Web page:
SPECIALITY COFFEE VS. COMMODITY COFFEE

What’s the difference (in taste and price) between coffee traded on the stock exchange, and our coffee?

SPECIALITY COFFEE: WHAT IS IT?

There’s two things to remember about ‘speciality coffee’. One has to do with quality, and the other is the prices farmers are paid.

Basically, coffees are ‘speciality’ if they’ve got no defects as green and have been scored 80+/100 in taste tests by coffee experts. It’s about quality. These tests are extensive - marking coffees flavour, acidity, mouthfeel and more. These scores are a direct result of seriously hard work. Farmers constantly monitor and adjust growing practices, so next season’s crop is always better than the last.

THE COST OF SPECIALITY COFFEE

You’d pay more for a three-course gourmet meal than a supermarket meal deal - and that’s why we give farmers more money for their coffee.

It’s a cliché, but it holds up. You get what you pay for. We’re buying some of the best coffee in the world, so it stands to reason we’d cough up a price that reflects that. Premium rates, for a premium product. As a principle, we always pay 25-125% more than Fairtrade does. And that’s because their rates are only a little above the commodity market.

COFFEE COMMODITY MARKET: THE UPS AND DOWNS

Like oil and gold, coffee is a commodity. Traded on the stock exchange, and subject to its trademark instability. We don’t like that.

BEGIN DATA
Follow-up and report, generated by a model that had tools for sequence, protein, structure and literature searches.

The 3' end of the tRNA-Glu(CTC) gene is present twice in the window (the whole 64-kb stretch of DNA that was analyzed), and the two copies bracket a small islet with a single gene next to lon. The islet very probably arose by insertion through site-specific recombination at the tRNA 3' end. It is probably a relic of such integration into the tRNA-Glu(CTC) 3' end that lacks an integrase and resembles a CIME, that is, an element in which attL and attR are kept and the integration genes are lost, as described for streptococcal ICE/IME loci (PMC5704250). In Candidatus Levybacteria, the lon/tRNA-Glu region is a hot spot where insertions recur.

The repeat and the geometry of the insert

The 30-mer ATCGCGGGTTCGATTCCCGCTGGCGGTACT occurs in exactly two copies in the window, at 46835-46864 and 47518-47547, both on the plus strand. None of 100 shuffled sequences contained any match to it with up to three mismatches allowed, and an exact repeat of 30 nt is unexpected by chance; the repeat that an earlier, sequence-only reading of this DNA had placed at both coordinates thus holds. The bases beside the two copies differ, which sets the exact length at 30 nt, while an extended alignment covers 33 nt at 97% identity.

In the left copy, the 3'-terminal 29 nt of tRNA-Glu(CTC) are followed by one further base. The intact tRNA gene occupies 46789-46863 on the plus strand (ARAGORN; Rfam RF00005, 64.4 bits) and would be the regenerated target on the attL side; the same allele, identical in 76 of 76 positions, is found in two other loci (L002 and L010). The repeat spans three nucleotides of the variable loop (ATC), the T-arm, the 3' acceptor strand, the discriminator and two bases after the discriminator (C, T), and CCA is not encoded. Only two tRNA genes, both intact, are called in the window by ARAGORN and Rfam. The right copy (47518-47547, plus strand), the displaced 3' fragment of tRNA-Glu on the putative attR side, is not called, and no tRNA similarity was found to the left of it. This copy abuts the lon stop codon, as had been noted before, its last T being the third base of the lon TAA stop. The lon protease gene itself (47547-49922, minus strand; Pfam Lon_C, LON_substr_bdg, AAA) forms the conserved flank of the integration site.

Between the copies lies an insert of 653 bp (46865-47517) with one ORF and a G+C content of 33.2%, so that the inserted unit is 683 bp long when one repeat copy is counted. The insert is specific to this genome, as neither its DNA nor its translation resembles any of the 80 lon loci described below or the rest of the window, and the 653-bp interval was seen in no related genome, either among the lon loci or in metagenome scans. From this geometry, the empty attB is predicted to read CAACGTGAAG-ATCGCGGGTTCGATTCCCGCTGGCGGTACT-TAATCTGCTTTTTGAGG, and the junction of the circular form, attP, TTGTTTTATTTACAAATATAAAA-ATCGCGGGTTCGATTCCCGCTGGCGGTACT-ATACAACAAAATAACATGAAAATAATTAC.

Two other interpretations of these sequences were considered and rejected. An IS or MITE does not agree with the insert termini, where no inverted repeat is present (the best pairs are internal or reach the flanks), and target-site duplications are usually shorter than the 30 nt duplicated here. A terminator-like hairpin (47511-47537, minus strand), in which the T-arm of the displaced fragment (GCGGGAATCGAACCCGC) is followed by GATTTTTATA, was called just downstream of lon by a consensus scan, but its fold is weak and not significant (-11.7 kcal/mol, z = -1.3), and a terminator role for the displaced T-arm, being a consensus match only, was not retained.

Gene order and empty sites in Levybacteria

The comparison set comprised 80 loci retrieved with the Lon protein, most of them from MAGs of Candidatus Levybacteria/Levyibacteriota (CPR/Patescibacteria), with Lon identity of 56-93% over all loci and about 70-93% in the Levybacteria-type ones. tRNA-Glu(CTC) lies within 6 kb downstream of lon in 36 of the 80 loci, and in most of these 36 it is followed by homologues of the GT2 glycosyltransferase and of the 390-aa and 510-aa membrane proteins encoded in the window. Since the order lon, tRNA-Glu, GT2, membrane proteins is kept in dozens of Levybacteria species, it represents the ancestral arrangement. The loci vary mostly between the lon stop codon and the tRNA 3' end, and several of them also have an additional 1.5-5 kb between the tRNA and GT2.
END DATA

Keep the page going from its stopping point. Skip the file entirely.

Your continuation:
It’s one of the most frequently traded products. And with almost 100 million cups drunk every day in the UK alone, you can see why. As with other commodities, the price per lb rises and falls frequently. Weather conditions, differences in expected crop production, or even traders short selling - these can all affect what coffee is worth.

COFFEE COMMODITY PRICE & FARMERS

Is it fair to be paid under the cost of production? We don’t think so - but that’s an unfortunate result of selling coffee on the stock exchange.

Commodity grade coffee is basic. It’s homogenous, and falsely perpetuating the idea that coffee itself is a flavour. It’s also the result of farmers not having the money, resources, time, or training to grow higher quality crops. And the all-time low price of coffee means that’s self-perpetuating - as they’re not earning enough to cover the cost of even running their farm. So helping farmers escape that cycle is important to us.

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